A BABY born with a growth the size of a melon on her face is back at home in Widnes after life-saving surgery.
Mia Molyneux was born with the cyst, that weighed almost half as much as she did, on the side of her face.
In a nine-hour operation, surgeons removed the growth, pumping 96 pints of blood into Mia’s body to keep her alive.
Now, aged 20 weeks, she has been given the all clear to go back to the family home in Widnes.
Mum Michaela, 20, said: "I was absolutely terrified when I found out Mia had something wrong with her.
"The doctors were urging me to terminate the pregnancy, as they feared Mia would be severely disabled, but I absolutely refused.
"When she was born I fell in love with her instantly. When I looked at her I saw my baby girl alive, not the growth.
"The operation to remove the it was really risky - I was terrified the cyst would rupture and she would bleed to death - but the surgeons were amazing.”
Medics realised there was something wrong with the pregnancy after Michaela booked herself in for an extra ultrasound scan to determine the sex of the baby.
Sonographers quickly spotted a huge swelling on the baby's face - and feared she would be born with severe disabilities.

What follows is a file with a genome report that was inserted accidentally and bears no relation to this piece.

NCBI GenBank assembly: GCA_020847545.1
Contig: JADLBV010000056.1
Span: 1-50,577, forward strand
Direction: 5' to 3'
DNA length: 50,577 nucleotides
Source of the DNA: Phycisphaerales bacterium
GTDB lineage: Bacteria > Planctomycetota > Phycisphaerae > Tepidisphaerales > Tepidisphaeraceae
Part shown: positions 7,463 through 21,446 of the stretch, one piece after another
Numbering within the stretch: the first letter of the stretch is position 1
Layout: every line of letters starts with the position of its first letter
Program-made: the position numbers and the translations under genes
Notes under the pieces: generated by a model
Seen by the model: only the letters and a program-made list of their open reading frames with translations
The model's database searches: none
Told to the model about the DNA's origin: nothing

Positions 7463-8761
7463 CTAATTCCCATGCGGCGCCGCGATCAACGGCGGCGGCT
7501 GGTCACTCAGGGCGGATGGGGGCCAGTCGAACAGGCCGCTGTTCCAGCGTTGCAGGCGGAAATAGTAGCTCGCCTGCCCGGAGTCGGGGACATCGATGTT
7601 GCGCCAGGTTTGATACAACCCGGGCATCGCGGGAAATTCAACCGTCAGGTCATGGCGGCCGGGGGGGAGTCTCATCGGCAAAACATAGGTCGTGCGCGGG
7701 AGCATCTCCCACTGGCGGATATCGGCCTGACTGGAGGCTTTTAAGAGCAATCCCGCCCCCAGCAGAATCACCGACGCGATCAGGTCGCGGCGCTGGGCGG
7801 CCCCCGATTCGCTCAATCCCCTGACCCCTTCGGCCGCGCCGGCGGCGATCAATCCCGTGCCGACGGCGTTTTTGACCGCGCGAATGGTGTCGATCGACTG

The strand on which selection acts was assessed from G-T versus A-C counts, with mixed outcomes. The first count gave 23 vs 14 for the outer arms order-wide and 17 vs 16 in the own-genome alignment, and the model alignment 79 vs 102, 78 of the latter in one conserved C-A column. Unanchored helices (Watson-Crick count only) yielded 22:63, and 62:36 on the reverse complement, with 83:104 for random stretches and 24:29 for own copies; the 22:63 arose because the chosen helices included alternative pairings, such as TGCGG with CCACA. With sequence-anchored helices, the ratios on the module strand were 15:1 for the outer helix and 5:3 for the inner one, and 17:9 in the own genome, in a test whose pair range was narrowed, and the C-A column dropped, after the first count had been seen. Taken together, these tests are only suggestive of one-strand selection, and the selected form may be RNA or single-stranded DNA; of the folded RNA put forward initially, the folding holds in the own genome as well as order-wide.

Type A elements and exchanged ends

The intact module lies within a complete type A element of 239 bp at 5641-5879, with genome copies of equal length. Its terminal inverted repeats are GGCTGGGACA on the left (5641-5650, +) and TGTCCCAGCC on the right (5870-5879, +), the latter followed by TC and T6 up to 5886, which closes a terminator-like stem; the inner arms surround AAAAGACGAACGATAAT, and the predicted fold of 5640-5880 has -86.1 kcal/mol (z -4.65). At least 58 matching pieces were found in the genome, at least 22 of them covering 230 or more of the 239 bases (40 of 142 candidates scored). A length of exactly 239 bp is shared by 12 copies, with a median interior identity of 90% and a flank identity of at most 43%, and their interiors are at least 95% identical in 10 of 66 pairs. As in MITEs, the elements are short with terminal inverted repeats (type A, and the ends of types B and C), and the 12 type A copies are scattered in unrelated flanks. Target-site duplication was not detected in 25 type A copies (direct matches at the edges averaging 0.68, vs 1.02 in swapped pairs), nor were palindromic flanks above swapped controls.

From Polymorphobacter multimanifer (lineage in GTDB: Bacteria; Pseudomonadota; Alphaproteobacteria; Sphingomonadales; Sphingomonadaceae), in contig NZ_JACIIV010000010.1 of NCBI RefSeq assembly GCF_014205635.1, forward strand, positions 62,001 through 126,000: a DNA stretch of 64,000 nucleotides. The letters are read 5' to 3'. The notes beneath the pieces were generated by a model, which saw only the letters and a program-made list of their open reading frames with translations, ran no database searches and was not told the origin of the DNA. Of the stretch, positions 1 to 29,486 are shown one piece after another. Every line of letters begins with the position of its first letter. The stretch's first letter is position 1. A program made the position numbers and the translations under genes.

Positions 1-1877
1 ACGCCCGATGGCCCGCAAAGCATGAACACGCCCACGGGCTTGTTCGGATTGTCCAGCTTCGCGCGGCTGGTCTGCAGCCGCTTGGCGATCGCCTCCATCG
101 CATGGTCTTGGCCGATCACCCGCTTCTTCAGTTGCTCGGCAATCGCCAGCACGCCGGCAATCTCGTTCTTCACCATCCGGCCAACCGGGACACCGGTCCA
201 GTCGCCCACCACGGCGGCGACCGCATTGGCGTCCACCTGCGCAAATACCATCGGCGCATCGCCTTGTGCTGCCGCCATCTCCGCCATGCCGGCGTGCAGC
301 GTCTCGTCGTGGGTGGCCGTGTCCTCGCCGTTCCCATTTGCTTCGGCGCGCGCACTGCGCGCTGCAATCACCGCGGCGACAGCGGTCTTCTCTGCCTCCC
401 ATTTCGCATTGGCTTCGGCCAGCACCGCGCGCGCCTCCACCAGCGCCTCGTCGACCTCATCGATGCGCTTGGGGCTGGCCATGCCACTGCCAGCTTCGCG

Doctors were concerned about the baby and urged Michaela to terminate the pregnancy, but the mum-to-be refused to give up.
At 36 weeks pregnant, still unsure of her unborn baby's exact prognosis, Michaela had an MRI scan which confirmed that Mia had combined venous-lymphatic malformation.
A caesarean was planned for March, at Liverpool Women's Hospital, as a natural birth would be too dangerous.
Medics were so worried about the procedure, there were 18 doctors and nurses in the room when Mia was born.
The baby's lung collapsed minutes after she was born, and she was rushed to intensive care.
When Mia was six days old, surgeons decided to operate on the cyst.
Michaela said: "The surgeon explained that there was a risk that it might rupture and that she would bleed and they wouldn't be able to control it.
"They said if that happened then there will be nothing they can do for her."
Doctor Adam Donne, paediatric ENT surgeon at Alder Hey Children's Hospital, carried out the surgery, and said: "This was an extremely difficult and rare case and Mia's condition was critical. The
lesion was very delicate and therefore bleeding was challenging.
"This is a wonderful example of how the doctors and nurses throughout Alder Hey work well together to save the life of a newborn."
Michaela said: "She looked so battered and bruised, it was heartbreaking seeing her in that state. It was so hard not being able to hold her until she was 15 days old."